Biomarkers show responsiveness to endometriosis treatment
Biomarkers could identify how women with endometriosis will respond to first-line treatment – progestin-based therapies such as oral contraceptives…
A study has found that biomarkers can predict whether women will respond to first-line endometriosis treatment.
Endometriosis is when the tissue lining the womb is found outside the womb, such as in the ovaries or the fallopian tubes. It is an extremely painful condition, causing pelvic pain and also sometimes, infertility. The gynecologic disease affects one in ten reproductive aged women, and 50 to 60 percent of women and adolescents with pelvic pain, and/or unexplained infertility.
The first-line treatment for this debilitating disease are progestin-based therapies such as oral contraceptives. These are aimed at managing the pain.
Response to this first-line treatment is unpredictable and varies among women.
“Receptor status in endometriosis could be used in a similar way to how estrogen receptor and progesterone receptor status is used in breast cancer for personalising treatment options,” said study author Dr Valerie A. Flores, of the Department of Obstetrics, Gynecology and Reproductive Sciences, Yale School of Medicine, Yale University, in New Haven, Conn.
“Such an approach to endometriosis management could better determine which medication each individual patient responds to and minimise delays in providing the optimal medical therapy.”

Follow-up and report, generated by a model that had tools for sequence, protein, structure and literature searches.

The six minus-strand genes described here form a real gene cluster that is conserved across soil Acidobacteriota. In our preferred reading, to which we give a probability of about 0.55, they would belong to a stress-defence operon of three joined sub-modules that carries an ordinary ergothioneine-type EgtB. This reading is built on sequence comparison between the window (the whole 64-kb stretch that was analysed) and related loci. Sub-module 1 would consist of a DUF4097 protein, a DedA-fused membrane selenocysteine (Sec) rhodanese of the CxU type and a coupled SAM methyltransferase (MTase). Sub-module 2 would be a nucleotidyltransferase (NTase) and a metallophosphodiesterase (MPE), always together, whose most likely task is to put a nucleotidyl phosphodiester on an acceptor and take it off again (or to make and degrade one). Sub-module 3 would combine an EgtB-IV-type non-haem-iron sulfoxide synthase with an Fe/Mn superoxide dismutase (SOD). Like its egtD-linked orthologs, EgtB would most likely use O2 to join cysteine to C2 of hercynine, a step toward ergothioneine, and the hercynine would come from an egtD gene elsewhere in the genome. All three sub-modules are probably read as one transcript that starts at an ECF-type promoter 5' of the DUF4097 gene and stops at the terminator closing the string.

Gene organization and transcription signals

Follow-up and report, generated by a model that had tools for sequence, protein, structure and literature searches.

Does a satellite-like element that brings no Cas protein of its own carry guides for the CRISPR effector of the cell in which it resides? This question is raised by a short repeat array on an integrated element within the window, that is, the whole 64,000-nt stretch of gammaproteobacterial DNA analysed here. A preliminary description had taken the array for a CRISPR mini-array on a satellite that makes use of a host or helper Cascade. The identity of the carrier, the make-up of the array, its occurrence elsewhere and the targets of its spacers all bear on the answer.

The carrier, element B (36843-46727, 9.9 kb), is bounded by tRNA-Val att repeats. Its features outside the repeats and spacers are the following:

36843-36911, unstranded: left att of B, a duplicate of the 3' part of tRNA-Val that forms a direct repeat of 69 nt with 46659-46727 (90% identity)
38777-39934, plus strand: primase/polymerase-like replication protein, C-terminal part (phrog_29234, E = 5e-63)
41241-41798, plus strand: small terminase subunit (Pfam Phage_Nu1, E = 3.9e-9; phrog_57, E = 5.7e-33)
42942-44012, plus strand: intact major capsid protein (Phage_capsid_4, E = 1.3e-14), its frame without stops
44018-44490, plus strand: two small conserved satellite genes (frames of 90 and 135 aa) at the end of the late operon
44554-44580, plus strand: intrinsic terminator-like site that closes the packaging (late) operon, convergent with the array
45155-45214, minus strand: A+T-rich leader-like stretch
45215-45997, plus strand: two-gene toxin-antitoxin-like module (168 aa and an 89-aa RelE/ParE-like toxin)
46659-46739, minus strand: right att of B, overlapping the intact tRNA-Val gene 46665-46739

During the retrospective cohort study 52 people with endometriosis were studied. The team found that progesterone receptor levels were an important predictor of progesterone responsiveness in endometriosis management, and that recurrence of the disorder was high.
Having a method to determine a patient’s response to progestin-based therapy could help determine the best treatment options and ideally reduce the risk of the disease recurring.
“Examining progesterone receptor status in endometriotic lesions may allow for a novel, targeted approach to treating endometriosis,” Dr Flores said.
The condition is less common in women who have been through menopause, but is a long-term issue that can have a great impact on peoples lives.
The study was published in the Endocrine Society’s Journal of Clinical Endocrinology & Metabolism.